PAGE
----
Reports: John Williams Will Compose Score for "Deathly Hallows: Part 2"
September 14, 2010, 04:32 AM
Our friends at Potterish have gotten confirmation from Warner Bros. Brazil that composer John Williams, who wrote the music for the first three Harry Potter films, will return to score the final movie, "Harry Potter and the Deathly Hallows: Part 2." "Deathly Hallows: Part 1" will be scored by Alexandre Desplat.
Update: While this is indeed exciting news, we still await final conformation on this information from WB. Stay close to Leaky for the latest!
"Harry Potter and the Deathly Hallows: Part 1" will be in theatres November 19th, and "Deathly Hallows: Part 2" will come out on July 15th, 2011.
Great news!!!!!! Im sooo happy! best music ever!
i love the harry potter music. it’s awesome. love his music so glad he is returning for deathly hallows. :-))
Hmm…I wasn’t going to pop back on here and read the replies to my comments (not because I can’t take criticism, but I guess I thought I’d had my say and that was enough for now). Rotfang, I would say that criticizing a dissenting point of view is one of the definitions of debate and democracy (telling someone they can’t HAVE that point of view is something altogether different, and not in my view what’s been going on here). It’s pretty obvious from many of your statements that you’re a sort of anti-mainstream person, whether it comes to music or films or whatever. To literally say that every film that has come out of Hollywood over a 60 year period is drivel, and the only watchable films are French and Italian independent films or the “dark realism” American films of the early 1970s is pretty narrow-minded. To lambast any film that has an operatic, overly-emotionally score would mean you think films like The Wizard of Oz, or Gone With The Wind, or Ben Hur, etc, aren’t classics. I understand your point of view a bit better now, and I think I was somewhat on track before…you believe in a minimalist approach to filmmaking. You prefer a score that is so unobtrusive as to be practically non-existent, like many independent films use (mostly because they have to work within a limited budget). However, for the life of me, I can’t understand why you would expect such filmmaking from the Harry Potter film series. These are not, nor were they ever meant to be, some small philosophical films. These are Blockbusters, in every positive and negative connotation, as were most of Spielberg’s films (which you seem to absolutely loathe, and you seem to make such an intense connection between Spielberg and Williams that it seems like you think Williams is some “agent” of Spielberg’s, out to destroy every movie they touch). Warner Brothers is not some small, European-based film company…they paid a lot of money for the rights to these films, and poured even more money into the films themselves, so they are in no way, shape, or form going to take a minimalist approach, nor should they. The books are rousing adventure stories, and the films should be too. I also think you’re a little misinformed on some points…Hooper didn’t use Williams Qudditch theme in HBP, he created his own, and however loud or soft it’s “pitched down” has nothing to do with the composer of a film, or the conductor of an orchestra playing film music…it has to do with the sound technicians, Foley artists, editors, etc. You’re totally within rights to have your opinions, but I just think you’ve hitched your horse to the wrong cart here. And that’s all I have to say about that.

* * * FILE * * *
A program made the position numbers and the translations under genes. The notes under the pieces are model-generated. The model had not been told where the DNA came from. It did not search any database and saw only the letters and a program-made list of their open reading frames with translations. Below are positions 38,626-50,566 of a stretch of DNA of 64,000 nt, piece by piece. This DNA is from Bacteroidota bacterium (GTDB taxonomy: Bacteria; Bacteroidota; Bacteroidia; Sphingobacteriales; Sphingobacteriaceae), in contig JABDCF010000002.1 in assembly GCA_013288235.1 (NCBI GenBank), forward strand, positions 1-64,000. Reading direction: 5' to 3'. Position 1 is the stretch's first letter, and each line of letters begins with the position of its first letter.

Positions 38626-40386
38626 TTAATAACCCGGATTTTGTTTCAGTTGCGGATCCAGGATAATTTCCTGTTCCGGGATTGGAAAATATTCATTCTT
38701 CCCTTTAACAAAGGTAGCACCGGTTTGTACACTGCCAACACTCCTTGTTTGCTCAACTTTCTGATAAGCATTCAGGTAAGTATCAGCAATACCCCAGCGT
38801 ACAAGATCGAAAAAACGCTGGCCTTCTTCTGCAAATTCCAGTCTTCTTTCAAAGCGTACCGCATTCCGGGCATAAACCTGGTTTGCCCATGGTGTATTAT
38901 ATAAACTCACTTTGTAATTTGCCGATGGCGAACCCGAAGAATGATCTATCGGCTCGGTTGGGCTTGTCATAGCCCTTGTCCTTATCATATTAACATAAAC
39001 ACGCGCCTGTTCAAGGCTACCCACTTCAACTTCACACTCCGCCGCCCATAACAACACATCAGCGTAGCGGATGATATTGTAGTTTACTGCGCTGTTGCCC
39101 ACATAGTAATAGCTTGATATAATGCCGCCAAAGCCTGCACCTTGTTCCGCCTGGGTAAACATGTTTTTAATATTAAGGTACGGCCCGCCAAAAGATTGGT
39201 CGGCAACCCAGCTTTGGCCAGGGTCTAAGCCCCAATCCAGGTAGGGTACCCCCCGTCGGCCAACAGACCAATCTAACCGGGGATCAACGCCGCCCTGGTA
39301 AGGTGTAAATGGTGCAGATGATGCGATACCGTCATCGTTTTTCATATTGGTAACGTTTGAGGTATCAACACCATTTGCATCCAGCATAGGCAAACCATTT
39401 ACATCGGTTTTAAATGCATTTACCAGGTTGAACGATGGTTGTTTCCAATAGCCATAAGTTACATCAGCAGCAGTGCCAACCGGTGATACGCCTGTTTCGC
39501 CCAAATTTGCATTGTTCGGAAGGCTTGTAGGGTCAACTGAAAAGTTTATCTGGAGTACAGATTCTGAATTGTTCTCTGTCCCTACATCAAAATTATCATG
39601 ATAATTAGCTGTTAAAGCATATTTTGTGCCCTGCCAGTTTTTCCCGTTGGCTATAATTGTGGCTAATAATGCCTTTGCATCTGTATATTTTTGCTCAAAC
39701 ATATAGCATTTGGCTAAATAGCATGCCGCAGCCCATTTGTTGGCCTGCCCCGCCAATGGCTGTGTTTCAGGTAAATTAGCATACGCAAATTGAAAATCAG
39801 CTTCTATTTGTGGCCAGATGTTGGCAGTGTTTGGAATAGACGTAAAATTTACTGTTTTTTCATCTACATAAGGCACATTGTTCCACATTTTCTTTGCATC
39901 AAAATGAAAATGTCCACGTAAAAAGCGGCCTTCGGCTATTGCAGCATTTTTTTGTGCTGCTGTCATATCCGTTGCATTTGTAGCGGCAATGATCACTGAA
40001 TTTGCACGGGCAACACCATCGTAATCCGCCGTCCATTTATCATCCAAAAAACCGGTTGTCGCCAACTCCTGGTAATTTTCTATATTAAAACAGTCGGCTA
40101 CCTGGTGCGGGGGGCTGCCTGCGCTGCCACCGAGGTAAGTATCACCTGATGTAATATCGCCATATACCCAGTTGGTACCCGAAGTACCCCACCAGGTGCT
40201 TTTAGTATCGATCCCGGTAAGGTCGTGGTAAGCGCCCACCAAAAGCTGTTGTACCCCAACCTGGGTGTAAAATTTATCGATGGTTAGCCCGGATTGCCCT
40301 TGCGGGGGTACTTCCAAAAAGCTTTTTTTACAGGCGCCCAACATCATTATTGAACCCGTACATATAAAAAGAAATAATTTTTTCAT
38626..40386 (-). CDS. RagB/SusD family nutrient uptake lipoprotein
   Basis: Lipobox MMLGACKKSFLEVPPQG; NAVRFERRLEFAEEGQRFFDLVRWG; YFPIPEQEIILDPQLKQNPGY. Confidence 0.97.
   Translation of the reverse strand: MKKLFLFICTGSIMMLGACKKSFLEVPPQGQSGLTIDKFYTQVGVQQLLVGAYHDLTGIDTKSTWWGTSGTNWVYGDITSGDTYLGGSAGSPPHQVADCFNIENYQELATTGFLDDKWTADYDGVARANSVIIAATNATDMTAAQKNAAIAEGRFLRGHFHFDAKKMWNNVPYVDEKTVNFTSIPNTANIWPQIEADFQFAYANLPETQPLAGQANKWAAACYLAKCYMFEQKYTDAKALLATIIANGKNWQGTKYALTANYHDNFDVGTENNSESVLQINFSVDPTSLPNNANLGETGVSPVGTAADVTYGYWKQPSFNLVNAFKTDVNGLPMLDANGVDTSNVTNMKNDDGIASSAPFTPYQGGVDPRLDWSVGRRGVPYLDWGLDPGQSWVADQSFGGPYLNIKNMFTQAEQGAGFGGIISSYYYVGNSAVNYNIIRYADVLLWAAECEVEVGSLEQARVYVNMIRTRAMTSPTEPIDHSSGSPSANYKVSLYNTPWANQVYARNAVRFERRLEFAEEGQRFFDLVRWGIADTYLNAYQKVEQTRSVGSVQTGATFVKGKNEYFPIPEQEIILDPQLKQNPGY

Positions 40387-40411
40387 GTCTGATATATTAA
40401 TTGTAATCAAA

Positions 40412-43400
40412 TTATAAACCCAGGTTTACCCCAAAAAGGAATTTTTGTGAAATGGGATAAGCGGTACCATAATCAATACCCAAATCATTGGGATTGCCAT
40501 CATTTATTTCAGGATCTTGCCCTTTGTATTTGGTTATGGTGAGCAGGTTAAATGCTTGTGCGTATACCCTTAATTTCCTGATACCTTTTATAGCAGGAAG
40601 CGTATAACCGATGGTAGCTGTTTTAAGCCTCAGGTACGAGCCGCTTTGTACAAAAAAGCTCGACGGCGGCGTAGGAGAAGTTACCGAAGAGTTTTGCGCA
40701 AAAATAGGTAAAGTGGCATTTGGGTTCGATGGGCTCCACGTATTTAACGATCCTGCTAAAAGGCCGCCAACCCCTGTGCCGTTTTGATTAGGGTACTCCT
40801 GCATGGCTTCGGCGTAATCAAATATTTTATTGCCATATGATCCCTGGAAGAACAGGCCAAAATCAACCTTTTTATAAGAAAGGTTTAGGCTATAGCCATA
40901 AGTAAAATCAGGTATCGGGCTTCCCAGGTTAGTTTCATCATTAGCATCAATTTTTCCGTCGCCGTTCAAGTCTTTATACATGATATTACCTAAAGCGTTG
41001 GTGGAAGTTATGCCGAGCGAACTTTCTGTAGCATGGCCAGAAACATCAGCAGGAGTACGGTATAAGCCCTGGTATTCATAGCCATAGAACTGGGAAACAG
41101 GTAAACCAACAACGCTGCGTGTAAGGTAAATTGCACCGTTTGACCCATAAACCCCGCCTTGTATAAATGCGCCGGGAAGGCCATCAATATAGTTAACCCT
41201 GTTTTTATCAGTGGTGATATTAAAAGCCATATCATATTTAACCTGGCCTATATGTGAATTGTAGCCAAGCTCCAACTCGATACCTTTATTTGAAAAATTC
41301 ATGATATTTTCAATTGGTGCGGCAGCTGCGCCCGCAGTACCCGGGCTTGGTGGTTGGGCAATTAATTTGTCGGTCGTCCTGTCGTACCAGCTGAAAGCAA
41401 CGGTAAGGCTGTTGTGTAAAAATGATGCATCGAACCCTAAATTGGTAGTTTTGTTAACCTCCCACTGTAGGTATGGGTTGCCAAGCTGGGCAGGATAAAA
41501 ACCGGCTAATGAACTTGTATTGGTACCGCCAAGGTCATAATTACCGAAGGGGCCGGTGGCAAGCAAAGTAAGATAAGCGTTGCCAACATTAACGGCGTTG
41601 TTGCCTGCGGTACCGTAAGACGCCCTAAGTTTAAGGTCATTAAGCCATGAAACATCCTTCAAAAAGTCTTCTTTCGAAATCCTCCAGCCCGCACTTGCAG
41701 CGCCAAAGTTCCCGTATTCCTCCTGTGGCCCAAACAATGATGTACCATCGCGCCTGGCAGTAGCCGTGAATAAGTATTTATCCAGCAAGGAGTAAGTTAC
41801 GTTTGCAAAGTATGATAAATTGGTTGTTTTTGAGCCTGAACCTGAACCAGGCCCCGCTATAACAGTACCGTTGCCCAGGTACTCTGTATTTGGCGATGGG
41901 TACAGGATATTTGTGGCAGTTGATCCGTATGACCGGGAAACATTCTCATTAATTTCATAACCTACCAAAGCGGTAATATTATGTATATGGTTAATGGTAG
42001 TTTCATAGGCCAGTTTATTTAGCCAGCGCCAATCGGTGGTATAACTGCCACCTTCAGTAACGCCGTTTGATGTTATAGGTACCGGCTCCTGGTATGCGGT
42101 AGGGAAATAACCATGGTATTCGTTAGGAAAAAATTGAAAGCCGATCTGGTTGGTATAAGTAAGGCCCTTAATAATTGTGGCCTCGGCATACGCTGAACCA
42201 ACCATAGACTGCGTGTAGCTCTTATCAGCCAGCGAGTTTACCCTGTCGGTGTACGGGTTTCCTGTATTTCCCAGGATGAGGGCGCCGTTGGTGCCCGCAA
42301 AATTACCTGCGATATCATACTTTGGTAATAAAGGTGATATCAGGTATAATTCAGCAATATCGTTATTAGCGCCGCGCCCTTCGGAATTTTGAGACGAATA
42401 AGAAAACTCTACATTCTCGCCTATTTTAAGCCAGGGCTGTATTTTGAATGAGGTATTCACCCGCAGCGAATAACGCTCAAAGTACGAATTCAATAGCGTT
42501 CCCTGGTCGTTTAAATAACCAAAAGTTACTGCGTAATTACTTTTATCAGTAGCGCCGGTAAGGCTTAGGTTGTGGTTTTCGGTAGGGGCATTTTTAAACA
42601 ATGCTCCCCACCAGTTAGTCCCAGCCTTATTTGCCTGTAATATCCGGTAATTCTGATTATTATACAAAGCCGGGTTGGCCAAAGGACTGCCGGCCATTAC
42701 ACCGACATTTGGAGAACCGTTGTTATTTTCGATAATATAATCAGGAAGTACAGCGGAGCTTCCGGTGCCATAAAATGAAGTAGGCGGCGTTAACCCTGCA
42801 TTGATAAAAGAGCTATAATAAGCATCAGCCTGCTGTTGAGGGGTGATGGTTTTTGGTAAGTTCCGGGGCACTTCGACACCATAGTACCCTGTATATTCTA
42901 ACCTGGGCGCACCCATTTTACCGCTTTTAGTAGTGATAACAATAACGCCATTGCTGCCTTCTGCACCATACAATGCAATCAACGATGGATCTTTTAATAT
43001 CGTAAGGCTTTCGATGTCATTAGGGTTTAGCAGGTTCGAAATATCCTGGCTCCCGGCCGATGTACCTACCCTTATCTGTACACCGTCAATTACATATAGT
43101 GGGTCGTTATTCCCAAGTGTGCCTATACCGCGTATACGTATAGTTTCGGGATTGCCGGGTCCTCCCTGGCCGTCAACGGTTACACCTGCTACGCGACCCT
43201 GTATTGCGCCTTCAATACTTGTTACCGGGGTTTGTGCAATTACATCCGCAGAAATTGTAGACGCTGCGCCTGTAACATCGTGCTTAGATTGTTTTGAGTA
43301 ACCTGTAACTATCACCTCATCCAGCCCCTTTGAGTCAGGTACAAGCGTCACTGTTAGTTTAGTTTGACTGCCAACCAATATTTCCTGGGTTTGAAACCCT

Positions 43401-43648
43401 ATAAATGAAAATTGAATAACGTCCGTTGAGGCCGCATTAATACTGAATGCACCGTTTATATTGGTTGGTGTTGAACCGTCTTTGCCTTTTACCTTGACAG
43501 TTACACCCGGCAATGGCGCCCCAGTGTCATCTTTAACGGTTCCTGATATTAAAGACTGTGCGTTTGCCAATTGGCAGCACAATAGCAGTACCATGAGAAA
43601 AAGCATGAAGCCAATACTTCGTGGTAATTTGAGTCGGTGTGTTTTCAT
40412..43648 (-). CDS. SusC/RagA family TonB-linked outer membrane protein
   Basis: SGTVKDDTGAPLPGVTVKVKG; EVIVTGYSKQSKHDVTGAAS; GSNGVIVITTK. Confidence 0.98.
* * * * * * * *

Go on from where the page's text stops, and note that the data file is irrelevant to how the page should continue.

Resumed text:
that is awesome news. He will do a great job. the music in the first films was fantastic
Does anybody speak Brazillian Portuguese? I ran the above “confirmation” link through freetranslation.com and selected Portuguese (which is probably European Portuguese because there were plenty of errors) and it seems that the site is saying that “there is there is no official information”. Which would put this back into the realm of rumor and hope for now. Keep your fingers crossed!
@critterfur; oh, I dunno, being told one is deaf, a nutter (apology accepted re rush2112), and to give it a rest already, doesn’t sound like a willingness to debate, to read what was said, are to listen.
And, on that point, re quidditch, here are the notes from Hooper’s HBP cd: "Tracks 11 and 19 contain “Quidditch Match” written by John Williams."